For the first time a new kind of line defect with metallic characteristics has been discovered in optically transparent and insulating BaSnO3 perovskite thin films. It was identified using advanced atomic-resolution electron microscopy. The line defect has a very distinct atomic structure built up mainly from Sn and O atoms. When the electronic properties of the line defect were probed in the electron microscope, it was found to be metallic. Calculations based on theory from first principles confirm this unusual metallic property of the defect. This discovery demonstrates that extended line defects in crystals can accommodate remarkable properties and provide a unique way to engineer material properties at the sub-nanometer scale.
Dissipation of heat is a critical limiting factor in modern electronic devices such as transistors. Alternative technologies with the potential for low power consumption are thus of high interest, magnetoionics being one. In this emerging field, the goal is to direct the motion of ions with a voltage, but very little current, to control magnets. Recent research has yielded many advances, including voltage-induced ferromagnetism in various types of magnetic materials, but never in an entirely nonmagnetic material. In this work, exactly this feat was achieved by demonstrating that an approach called ionic liquid gating can voltage induce ferromagnetism in diamagnetic (i.e., nonmagnetic) FeS2 (a.k.a. “Fool’s Gold”). This result has broad implications, potentially increasing the available palette of useful magnetic materials and enabling entirely new device function.
An active frontier in science and engineering is the extension of the realm of microelectronic devices (e.g., transistors) to printed electronics. Success in this endeavor would enable low-cost high-throughput manufacturing of flexible, stretchable, even wearable electronics, with a multitude of applications. Investigators in MRSEC IRG-1 at the University of Minnesota are studying a particularly promising approach to printed transistors known as “electrolyte gating”. While powerful, this approach is typically employed at large size scales and modest frequencies, which are incompatible with printed electronics. In this work, an IRG-1 team synthesized a novel ion gel electrolyte to realize high-performance electrolyte-gate transistors down to micron sizes, operating at 20 kHz frequencies and low voltage. The work points to a clear route to even MHz frequencies, opening up a plethora of new applications.
Atomically-thin sheets of semiconductors have been of immense interest since the Nobel-Prize-winning discovery of graphene or two-dimensional (2D) carbon. Such materials represent the ultimate limit of “scaling” to small sizes, of vital importance in the semiconductor device industry. A particularly exciting recent (2017) finding is that the elemental semiconductor tellurium can be created in 2D sheets, with highly mobile electrons. In this work, University of Minnesota investigators in MRSEC IRG-1 applied “electrolyte gating” to this new material, using the motion of ions to control electronic properties. A transition from semiconductor to metal was found, enabling mapping of the electronic properties of “tellurene” over an extraordinary range. This work highlights not only the potential of tellurene for electronic devices, but also the general power of electrolyte gating (an IRG-1 focus) in 2D materials research.
While nanocrystal films can be rapidly deposited from the gas phase on flexible substrates, achieving good electrical conductivity in these films has long remained a challenge. A multi-disciplinary IRG-2 research team demonstrated for the first time that the electrical transport in plasma-produced zinc oxide nanocrystal films can be enhanced to such a degree that the films start to behave like thin metal films. The team used a combination of gas-phase nanocrystal deposition, atomic layer deposition to seal the nanocrystal surfaces, and photodoping to achieve persistently enhanced electrical conductivities. Metallic behavior was indicated by conductivities that remained larger than zero even at temperatures as low as 50 milli-Kelvin. This study was reported in Science Advances.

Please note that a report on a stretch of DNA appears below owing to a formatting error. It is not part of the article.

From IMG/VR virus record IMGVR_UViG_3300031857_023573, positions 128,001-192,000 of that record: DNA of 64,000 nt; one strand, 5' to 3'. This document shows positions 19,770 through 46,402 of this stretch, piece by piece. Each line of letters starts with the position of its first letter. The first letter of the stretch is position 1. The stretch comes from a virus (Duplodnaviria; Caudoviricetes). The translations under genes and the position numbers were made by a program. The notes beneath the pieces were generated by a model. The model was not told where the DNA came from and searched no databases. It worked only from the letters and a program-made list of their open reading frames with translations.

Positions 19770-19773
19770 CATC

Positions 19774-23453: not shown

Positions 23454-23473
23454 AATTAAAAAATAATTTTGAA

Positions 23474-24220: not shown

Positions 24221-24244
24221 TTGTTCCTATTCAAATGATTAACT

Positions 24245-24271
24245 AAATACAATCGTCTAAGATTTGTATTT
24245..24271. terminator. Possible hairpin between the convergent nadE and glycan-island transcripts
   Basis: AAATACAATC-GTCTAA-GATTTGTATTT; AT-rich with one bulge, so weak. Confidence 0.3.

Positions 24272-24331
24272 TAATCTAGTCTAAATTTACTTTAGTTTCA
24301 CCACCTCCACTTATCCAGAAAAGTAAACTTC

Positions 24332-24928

Xiaojia Wang (IRG-2)
Transition-metal pentatellurides have attracted extensive interest due to their exotic electronic, optical, and thermal properties. In this work, researchers in IRG-2 explored thermal transport in hafnium pentatelluride (HfTe5) and zirconium pentatelluride (ZrTe5). Both compounds are asymmetrical crystals (layered structures with in-plane quasi-1D chains), leading to the highly anisotropic thermal transport with an ultralow thermal conductivity along the interlayer direction (b-axis). Compared with ZrTe5, HfTe5 has heavier molar mass and thus is expected to have even lower thermal conductivity. However, combining high-fidelity ultrafast pump-probe thermal measurements and accurate theoretical calculations, researchers were able to show that the thermal conductivity of HfTe5 along the b-axis is higher than that of ZrTe5, due to its weaker anharmonicity. This work can provide guidance for the design of new directional-heat-management and high-efficiency thermal insulators.
Block polymers are a class of versatile self-assembling soft materials that can form exquisite nanostructures for applications including ion transport membranes for batteries and fuel cells, and templates for inorganic oxide catalysts. Using molecular dynamics simulations and transferable force fields, we designed a series of symmetric triblock amphiphiles (or high-χ “block oligomers”) comprising incompatible sugar-based (A) and hydrocarbon (B) blocks that can self-assemble into ordered nanostructures with full domain pitches as small as 1.2 nm. Depending on the chain length and block sequence, the ordered morphologies include lamellae (LAM), perforated lamellae, and hexagonally-perforated lamellae (HPL). Above the order-disorder transition temperature, the disordered states are locally well-segregated and form bicontinuous network phases. This study furnishes detailed insights into structure-property relationships for mesophase formation on the 1-nm length scale that will aid further miniaturization for numerous applications.